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Test Types    > Tear resistance

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tear testing iconTear Testing

Fabrics, sheets and films tear when a point of weakness fails and propagates, but the nature of a tear depends on the way force is applied and the internal structure of the material. A textile tear is in effect a sequence of tensile breaks in yarn, whereas rubber is more susceptible to material flaws, internal structures and temperature. The main weakness in a finished product may be deliberate, such as an eyelet, stud or button hole. A product may tear differently depending on how it is pulled, in which direction, and whether the weakness propagates from an edge or the middle. Elastic properties play an important part in tear resistance, but test data capture the detail of the tear itself in progress.

Type of tear test

Tear test methods require sample preparation, depending on the type of material.

 

tear-winkelmann-web tear-graves-web tear-delft-web tear-trouser-web tear-trapezoid-web tear-tongue-web
Winkelmann
or crescent
Graves
or angle
Delft Trouser Trapezoid Tongue

 

Sample preparation

There are many standardised test methods to deal with different materials and conditions, presenting how samples should be prepared, held and pulled apart. In most cases a notch or cut is made to initiate the tear, since the important effect to observe is tear propagation. Test methods prescribe various standard shapes and dimensions of samples for elastomeric samples (called a coupon), or tear preparation types for textiles. Typically rubbers and elastomer samples are die-cut to a standard ‘wing’ shape with a sharp V notch, typically Winkelmann or Graves profiles.

Fabrics or paper are pulled apart axially from either a single cut in the short edge of a long rectangle, to introduce a tear like trouser legs, or by starting a tongue within a fabric rectangle that is pulled out with a double tear. The trapezoidal tear method, by gripping the non-parallel sides in parallel, ensures tear propagation more evenly from a notch introduced in the shortest side.

The standard methods in the textile industry for testing fabric tensile strength, are the strip method and the grab method. In the strip method, apparent elongation and maximum force at rupture are measured by gripping the full width of a sample with ravelled edges (yarns removed from each side) and pulling at constant rate. In the grab method, the sample is gripped in the middle of its width at each end, to a precise grip area, to induce stress forces in the ungripped part of the sample. These are strictly tensile strength tests, not tear tests.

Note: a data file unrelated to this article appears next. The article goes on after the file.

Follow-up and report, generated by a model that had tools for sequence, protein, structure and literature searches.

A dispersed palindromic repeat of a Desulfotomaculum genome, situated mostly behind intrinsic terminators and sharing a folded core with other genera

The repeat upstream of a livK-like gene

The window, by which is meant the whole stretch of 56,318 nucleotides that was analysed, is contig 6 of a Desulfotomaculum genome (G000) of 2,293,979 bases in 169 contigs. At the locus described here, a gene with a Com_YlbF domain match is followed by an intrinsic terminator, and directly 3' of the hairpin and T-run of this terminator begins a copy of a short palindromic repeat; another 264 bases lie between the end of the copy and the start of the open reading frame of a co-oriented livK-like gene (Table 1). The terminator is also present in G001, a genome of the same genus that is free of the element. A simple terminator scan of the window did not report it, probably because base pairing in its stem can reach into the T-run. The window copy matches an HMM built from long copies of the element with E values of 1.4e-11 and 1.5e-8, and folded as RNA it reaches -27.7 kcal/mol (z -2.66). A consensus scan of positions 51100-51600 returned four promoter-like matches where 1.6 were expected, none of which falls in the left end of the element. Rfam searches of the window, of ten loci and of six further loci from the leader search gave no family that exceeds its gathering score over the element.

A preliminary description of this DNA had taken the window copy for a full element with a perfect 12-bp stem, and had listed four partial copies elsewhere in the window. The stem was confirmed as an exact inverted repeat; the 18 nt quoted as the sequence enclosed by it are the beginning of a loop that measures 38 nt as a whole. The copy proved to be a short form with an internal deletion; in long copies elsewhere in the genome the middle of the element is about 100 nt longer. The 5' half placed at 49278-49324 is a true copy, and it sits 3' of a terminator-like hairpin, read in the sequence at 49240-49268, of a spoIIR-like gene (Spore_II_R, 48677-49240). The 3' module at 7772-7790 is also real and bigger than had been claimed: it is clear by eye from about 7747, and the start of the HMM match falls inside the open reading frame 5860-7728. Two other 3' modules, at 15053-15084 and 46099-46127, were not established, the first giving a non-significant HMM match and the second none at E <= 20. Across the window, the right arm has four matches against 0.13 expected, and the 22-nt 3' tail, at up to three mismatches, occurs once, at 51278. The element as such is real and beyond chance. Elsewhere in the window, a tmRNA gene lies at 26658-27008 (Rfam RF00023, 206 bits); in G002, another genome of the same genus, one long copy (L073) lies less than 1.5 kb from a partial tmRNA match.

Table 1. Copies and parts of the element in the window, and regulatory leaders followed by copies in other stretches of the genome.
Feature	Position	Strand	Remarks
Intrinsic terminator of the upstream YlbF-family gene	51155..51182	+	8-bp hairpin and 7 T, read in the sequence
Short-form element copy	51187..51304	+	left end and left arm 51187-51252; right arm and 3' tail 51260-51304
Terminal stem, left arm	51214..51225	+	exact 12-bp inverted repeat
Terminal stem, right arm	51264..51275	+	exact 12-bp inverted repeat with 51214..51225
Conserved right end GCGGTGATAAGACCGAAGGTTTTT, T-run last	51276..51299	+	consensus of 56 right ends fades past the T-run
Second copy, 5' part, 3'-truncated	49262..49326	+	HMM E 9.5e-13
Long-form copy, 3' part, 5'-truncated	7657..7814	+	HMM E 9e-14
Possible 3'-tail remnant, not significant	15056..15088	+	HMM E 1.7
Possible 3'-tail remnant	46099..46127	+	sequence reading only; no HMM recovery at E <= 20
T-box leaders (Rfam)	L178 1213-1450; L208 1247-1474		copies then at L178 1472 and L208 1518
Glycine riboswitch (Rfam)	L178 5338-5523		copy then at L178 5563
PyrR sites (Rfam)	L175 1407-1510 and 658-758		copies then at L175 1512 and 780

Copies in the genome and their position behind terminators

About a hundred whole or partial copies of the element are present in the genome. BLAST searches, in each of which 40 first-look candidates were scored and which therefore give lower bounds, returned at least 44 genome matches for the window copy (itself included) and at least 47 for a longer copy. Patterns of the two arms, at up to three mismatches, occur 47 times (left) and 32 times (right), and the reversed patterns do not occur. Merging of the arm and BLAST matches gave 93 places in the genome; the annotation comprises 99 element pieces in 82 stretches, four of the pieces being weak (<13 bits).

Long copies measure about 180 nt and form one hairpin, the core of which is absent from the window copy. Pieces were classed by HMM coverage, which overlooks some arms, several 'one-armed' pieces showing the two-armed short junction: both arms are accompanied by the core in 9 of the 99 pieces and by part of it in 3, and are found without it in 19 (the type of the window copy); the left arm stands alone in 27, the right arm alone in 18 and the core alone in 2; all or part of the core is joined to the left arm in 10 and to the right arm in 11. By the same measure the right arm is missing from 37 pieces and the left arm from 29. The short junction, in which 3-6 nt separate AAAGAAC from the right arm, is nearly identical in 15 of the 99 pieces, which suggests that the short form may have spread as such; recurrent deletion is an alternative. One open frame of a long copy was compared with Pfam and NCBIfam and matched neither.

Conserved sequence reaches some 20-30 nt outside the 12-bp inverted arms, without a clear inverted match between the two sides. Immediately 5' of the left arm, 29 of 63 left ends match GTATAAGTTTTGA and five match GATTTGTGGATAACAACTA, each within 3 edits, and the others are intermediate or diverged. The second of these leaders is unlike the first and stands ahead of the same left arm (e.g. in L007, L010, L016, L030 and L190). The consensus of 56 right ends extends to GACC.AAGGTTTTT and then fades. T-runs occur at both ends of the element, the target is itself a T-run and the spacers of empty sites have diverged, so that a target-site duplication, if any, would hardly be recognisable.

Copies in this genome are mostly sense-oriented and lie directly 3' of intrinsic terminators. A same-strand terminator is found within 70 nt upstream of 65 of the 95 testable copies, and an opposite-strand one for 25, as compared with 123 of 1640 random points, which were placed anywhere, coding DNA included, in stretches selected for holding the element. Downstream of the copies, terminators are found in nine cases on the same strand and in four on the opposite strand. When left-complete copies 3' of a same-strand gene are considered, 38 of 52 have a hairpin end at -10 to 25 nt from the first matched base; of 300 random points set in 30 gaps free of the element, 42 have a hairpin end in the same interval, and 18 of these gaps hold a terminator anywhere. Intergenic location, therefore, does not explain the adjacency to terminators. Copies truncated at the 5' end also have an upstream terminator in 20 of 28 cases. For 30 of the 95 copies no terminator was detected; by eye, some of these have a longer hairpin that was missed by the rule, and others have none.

Tearing force can also be applied in different ways: impact (by the falling pendulum method), or uniaxial tension. Mecmesin has a range of universal testers that can meet any of the tensile test methods.

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Tear test standards

  • ASTM D624 : tear strength of conventional vulcanized rubber and elastomers
  • ASTM D1004 : tear resistance (Graves tear) of plastic film and sheeting
  • ASTM D1922 : propagation tear resistance in plastic film and thin sheeting by pendulum method
  • ASTM D1938 : tear-propagation resistance (trouser tear) of plastic film and thin sheeting by single-tear method
  • ASTM D2261 : tearing strength of fabrics by the tongue (single rip) procedure (constant rate of extension tensile testing machine)
  • ASTM D2582 : puncture-propagation tear resistance of plastic film and thin sheeting
  • ASTM D5587 : tearing strength of fabrics by trapezoid procedure
  • DIN 53859-5 : testing of textiles; tear growth test on textile fabrics; trapezoid test
  • DIN 53363 : testing of plastic films - tear test using trapezoidal test specimen with incision
  • ISO 34-1 : rubber, vulcanized or thermoplastic - determination of tear strength - Part 1: trouser, angle and crescent test pieces
  • ISO 34-2 : rubber, vulcanized or thermoplastic - determination of tear strength - Part 2: small (delft) test pieces
  • ISO 6383-1 : plastics - film and sheeting - determination of tear resistance - Part 1: trouser tear method
  • ISO 11897 : packaging - sacks made from thermoplastic flexible film - tear propagation on edge folds
  • ISO 13937-2 : textiles - tear properties of fabrics - Part 2: determination of tear force of trouser-shaped test specimens (single tear method)
  • ISO 13937-3 : textiles - tear properties of fabrics - Part 3: determination of tear force of wing-shaped test specimens (single tear method)
  • ISO 13937-4 : textiles - tear properties of fabrics - Part 4: determination of tear force of tongue-shaped test specimens (double tear test)
  • ISO 8067 : flexible cellular polymeric materials - determination of tear strength
  • ISO 9073-4 : textiles - test methods for nonwovens - Part 4: determination of tear resistance
  • ISO 4674-1 : rubber- or plastics-coated fabrics - determination of tear resistance - Part 1: constant rate of tear methods

More tear resistance standards

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